This month, Brooklyn Community Foundation marks the third anniversary of Brooklyn Insights—an extensive Brooklyn-wide community engagement project launched shortly after our President Cecilia Clarke joined the Foundation, which ultimately produced a bold grantmaking strategy that has since garnered national recognition.

    And coincidentally, on this anniversary we are announcing the recipients of our new Spark Prize—one of the Foundation’s highest-profile grantmaking efforts to date, awarding 5 outstanding Brooklyn nonprofits with no-strings-attached grants of $100,000 each in recognition of their service to Brooklyn, commitment to equity and justice, strong organizational values, and dynamic vision for the future.

    While we’re often asked about the major themes surfaced through our 1,000-plus Brooklyn Insights’ community conversations, the core grantmaking strategies we’ve since focused on, or our new institution-wide Racial Justice Lens—in this blog, we’re going to focus on the set of values that emerged during Brooklyn Insights that not only helped the Foundation determine our new direction, but continue to guide us and inform new initiatives like the Spark Prize.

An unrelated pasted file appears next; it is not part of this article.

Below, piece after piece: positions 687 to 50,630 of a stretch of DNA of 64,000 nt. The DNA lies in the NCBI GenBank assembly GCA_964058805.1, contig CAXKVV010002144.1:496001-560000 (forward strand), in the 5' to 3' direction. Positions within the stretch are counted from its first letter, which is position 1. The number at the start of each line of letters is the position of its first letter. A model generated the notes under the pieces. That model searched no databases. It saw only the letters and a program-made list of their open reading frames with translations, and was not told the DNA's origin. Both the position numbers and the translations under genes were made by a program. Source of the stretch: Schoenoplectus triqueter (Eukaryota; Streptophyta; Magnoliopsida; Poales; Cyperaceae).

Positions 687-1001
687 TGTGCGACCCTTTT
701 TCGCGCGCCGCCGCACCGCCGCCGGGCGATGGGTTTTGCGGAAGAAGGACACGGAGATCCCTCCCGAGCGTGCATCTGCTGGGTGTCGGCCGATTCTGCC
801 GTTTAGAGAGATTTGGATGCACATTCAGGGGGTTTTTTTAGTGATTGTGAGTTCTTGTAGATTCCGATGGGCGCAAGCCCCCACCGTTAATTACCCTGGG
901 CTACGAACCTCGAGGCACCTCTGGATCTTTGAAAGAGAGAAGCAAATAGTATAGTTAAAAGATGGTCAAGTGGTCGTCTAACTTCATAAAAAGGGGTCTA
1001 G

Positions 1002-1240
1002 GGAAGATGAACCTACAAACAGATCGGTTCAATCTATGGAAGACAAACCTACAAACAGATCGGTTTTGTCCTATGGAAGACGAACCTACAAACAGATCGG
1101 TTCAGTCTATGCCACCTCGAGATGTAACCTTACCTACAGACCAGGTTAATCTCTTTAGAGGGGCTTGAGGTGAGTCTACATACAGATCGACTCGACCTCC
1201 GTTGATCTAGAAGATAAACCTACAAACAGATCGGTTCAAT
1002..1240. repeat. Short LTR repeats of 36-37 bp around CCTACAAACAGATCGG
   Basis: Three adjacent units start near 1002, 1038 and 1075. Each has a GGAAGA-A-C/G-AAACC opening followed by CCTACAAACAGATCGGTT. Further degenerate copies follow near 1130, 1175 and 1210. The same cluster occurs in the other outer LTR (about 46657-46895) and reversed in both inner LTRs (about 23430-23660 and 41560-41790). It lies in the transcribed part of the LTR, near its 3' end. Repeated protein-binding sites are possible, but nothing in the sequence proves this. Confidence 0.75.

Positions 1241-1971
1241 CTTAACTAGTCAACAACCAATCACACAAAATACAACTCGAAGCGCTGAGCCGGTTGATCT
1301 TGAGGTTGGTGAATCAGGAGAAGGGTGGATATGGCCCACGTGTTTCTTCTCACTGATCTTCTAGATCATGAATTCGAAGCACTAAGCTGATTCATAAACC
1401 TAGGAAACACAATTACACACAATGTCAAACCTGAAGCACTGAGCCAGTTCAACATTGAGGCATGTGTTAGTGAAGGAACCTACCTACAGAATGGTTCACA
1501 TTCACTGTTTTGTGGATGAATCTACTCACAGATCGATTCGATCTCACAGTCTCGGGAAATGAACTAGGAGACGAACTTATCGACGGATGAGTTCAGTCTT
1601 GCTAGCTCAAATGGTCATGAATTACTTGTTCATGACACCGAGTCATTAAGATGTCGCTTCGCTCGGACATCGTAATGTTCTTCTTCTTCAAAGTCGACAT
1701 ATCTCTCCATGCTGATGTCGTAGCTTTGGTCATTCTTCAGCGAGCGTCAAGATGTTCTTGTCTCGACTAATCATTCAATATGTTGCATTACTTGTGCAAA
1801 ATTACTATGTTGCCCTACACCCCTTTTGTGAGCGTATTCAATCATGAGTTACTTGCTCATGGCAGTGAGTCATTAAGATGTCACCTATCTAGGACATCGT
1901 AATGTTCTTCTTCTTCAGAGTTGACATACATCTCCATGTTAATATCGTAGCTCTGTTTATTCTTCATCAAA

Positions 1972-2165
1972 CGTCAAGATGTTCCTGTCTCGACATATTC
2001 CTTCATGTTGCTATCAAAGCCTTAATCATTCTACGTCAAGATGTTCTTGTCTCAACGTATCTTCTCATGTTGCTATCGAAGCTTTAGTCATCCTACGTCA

Of course, we knew three years ago that creating a community-led strategy might also lead us to change our mission statement and vision. But what we didn’t fully appreciate at the time was that while mission and vision are critical for moving us forward, strong institutional values are necessary to define who we are as an institution and how we hold ourselves accountable to these pursuits each and every day.

    Over the six months of listening to Brooklynites tell us about the challenges they faced in their communities, the opportunities they saw for change, and the roles we as their Community Foundation could play, we also heard loud and clear a call for us to be a different kind of institution: one that wears its values on its sleeve, keeps the doors open, and always positions community voices at the fore of its work.

    This call led us to articulate five new values for Brooklyn Community Foundation:

    • Courage. We believe in fearlessly identifying barriers to change and we fight for solutions that help overcome injustice.

    • Creativity. We believe that the power of imagination is greater than the challenges we face. We celebrate what works. We pursue the new. We learn as much from failure as we do from success.